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Plyometric Leg Workouts

What are good workout routines, and or websites that detail plyometric leg workouts. i do snatches on deadlift day, but I am unsure what to do on squat days.

thanks

http://www.brianmac.demon.co.uk/legplymo.htm

I own this book. Can’t speak highly enough of it.

Most reviews I’ve read called Chu’s books a waste of money, about 5 pages of useful info and 100 pages of stick figure diagrams. If you just want exercises, don’t bother wasting your money on a book, there are descriptions and videos online.

What is your reason for doing plyometrics? Is it for vertical, speed, or another ability involved in sports performance? Kelly Baggett has 2 great manuals, one on speed and one on vertical jumping, both are great. It isn’t really wise to implement plyometric exercises randomly, just to say you do them, and hope they improve your performance.

good questions

I want to build a strong lower body with some size. my legs are generally big enough, and whenever i do build them up with squats, i feel unathletic and immobile.

i am looking for variety bc i am unsatisfied with my squat numbers right now. i read an article on how adam archuleta was trained with some plyometrics and his squat went way up. also interesting to note was that they timed his squat, and it dropped from 3 seconds to 1 second(more power)

thanks

[quote]smallmike wrote:
Most reviews I’ve read called Chu’s books a waste of money, about 5 pages of useful info and 100 pages of stick figure diagrams. If you just want exercises, don’t bother wasting your money on a book, there are descriptions and videos online.[/quote]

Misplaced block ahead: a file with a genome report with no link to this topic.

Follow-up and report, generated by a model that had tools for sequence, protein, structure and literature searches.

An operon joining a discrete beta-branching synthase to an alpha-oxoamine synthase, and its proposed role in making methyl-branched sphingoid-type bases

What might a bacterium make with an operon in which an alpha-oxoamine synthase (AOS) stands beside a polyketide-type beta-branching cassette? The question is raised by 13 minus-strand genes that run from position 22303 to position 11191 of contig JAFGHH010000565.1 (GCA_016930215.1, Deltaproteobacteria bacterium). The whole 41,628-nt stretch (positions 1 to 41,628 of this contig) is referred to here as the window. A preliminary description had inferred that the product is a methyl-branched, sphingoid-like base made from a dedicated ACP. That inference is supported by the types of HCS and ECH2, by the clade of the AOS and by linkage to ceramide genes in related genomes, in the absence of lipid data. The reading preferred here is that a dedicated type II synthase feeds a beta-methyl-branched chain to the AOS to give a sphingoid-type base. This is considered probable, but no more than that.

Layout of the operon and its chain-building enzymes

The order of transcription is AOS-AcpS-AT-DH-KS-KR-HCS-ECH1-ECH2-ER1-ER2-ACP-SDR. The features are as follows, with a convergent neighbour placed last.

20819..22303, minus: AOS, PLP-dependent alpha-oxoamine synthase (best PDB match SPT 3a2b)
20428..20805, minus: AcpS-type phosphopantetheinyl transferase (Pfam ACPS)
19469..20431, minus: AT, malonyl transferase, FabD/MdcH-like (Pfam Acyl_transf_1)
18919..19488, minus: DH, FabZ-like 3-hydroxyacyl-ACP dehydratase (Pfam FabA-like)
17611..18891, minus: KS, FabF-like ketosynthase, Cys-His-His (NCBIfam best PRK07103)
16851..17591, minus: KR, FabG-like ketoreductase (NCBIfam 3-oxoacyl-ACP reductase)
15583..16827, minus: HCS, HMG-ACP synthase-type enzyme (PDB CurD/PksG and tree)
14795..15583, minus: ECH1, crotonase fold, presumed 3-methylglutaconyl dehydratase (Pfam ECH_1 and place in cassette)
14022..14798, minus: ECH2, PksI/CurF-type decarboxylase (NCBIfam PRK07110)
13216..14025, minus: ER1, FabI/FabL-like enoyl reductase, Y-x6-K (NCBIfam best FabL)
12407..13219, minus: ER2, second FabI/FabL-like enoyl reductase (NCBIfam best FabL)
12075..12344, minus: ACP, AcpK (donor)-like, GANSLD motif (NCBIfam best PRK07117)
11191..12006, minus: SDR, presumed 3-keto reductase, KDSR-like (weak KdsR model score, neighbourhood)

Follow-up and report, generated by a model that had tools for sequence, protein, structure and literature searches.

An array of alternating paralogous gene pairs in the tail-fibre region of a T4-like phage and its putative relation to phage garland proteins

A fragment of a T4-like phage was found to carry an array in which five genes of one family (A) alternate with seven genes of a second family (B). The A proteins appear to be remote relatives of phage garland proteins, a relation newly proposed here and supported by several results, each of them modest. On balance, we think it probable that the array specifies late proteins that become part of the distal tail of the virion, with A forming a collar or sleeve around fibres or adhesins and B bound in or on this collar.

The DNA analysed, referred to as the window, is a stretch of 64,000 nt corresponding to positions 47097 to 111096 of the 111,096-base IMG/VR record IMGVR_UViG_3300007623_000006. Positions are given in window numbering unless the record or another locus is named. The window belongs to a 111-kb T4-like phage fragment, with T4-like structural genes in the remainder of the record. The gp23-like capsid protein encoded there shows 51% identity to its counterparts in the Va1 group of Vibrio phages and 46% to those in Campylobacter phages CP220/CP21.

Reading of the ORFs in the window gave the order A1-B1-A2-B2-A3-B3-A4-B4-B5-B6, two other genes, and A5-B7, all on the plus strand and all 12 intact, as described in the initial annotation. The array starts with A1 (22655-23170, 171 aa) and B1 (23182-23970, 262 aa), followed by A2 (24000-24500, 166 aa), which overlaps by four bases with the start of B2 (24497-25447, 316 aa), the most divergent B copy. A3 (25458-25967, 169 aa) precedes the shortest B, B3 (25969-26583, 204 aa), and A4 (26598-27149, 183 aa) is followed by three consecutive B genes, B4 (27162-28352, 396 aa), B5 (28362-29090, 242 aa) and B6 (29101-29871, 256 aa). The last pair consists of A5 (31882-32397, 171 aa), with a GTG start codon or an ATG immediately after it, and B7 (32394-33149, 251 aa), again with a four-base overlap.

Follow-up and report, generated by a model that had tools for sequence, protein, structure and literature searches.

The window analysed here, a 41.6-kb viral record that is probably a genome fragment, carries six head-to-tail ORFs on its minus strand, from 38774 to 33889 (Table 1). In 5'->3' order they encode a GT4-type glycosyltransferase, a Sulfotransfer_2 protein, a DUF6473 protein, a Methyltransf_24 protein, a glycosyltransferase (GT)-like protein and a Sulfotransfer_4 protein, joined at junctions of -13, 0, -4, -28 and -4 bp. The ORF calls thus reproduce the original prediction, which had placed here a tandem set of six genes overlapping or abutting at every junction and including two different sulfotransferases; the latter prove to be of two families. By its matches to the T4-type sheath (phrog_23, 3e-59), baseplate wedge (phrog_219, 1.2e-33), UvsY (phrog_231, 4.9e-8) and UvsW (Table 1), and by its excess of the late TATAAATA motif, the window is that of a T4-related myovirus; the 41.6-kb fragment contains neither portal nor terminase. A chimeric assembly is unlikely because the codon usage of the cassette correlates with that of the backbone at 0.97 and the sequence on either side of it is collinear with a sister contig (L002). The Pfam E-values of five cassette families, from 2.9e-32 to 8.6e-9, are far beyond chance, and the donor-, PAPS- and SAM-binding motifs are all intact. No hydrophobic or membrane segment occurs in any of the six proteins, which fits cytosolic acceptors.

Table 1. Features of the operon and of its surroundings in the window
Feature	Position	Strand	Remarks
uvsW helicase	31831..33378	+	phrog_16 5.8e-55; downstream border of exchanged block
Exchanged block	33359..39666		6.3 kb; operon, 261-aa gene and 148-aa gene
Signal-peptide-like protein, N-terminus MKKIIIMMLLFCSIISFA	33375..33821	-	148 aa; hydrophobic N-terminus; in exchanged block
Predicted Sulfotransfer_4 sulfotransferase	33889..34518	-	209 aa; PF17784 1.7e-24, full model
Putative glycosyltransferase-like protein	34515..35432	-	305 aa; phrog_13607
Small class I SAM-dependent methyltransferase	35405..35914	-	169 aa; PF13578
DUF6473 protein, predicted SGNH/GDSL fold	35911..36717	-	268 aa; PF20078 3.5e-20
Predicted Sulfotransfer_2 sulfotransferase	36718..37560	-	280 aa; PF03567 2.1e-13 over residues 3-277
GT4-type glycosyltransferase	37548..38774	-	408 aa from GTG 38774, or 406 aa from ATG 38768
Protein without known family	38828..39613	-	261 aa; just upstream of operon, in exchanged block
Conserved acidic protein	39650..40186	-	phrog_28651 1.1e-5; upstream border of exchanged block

Agreed. Own it, don’t think much of it.

[quote]jtrinsey wrote:
smallmike wrote:
Most reviews I’ve read called Chu’s books a waste of money, about 5 pages of useful info and 100 pages of stick figure diagrams. If you just want exercises, don’t bother wasting your money on a book, there are descriptions and videos online.

Agreed. Own it, don’t think much of it.[/quote]

Dont understand what you mean.

It has a basic breakdown of the basic plyometric exercises. Perfect for a beginner. Just a basic, beginner book.

You can buy it on amazon for like 12 bucks.

[quote]V R wrote:
It has a basic breakdown of the basic plyometric exercises. Perfect for a beginner. Just a basic, beginner book.

You can buy it on amazon for like 12 bucks. [/quote]

My beef is that it really doesn’t tell you anything. It shows you a bunch of stuff you can do, that any 4th grader has already figured out on the playgrounds. Yes, hop over a cone this way instead of that way, exactly what I needed.

It doesn’t tell you anything about how to integrate plyometrics into a training plan, how to progress, how to assess athletes, the effects different drills might have, etc. etc.

CT had a great section in his article today about plyos.

[quote]jtrinsey wrote:
It shows you a bunch of stuff you can do, that any 4th grader has already figured out on the playgrounds.

[/quote]

Yea, it might not show you anything new to someone like you and me who are well versed in plyo training. But remember beginners are beginners. Most trainees don’t even know what the word plyometric is.

Second off, I feel that alot of the advanced, fancy plyo movements are unnecessary. Just like the basic compound movements are essential and the best way to lift weights and get stronger, I feel like the basic, simple plyo movements are also the best ones available. Simple cone/box hops, depth jumps, various single and double legs jumps and bounding is the best way, along with squatting, to increase vert speed and jump ability.

The basics are the best. Seems to apply to everything in the exercise world.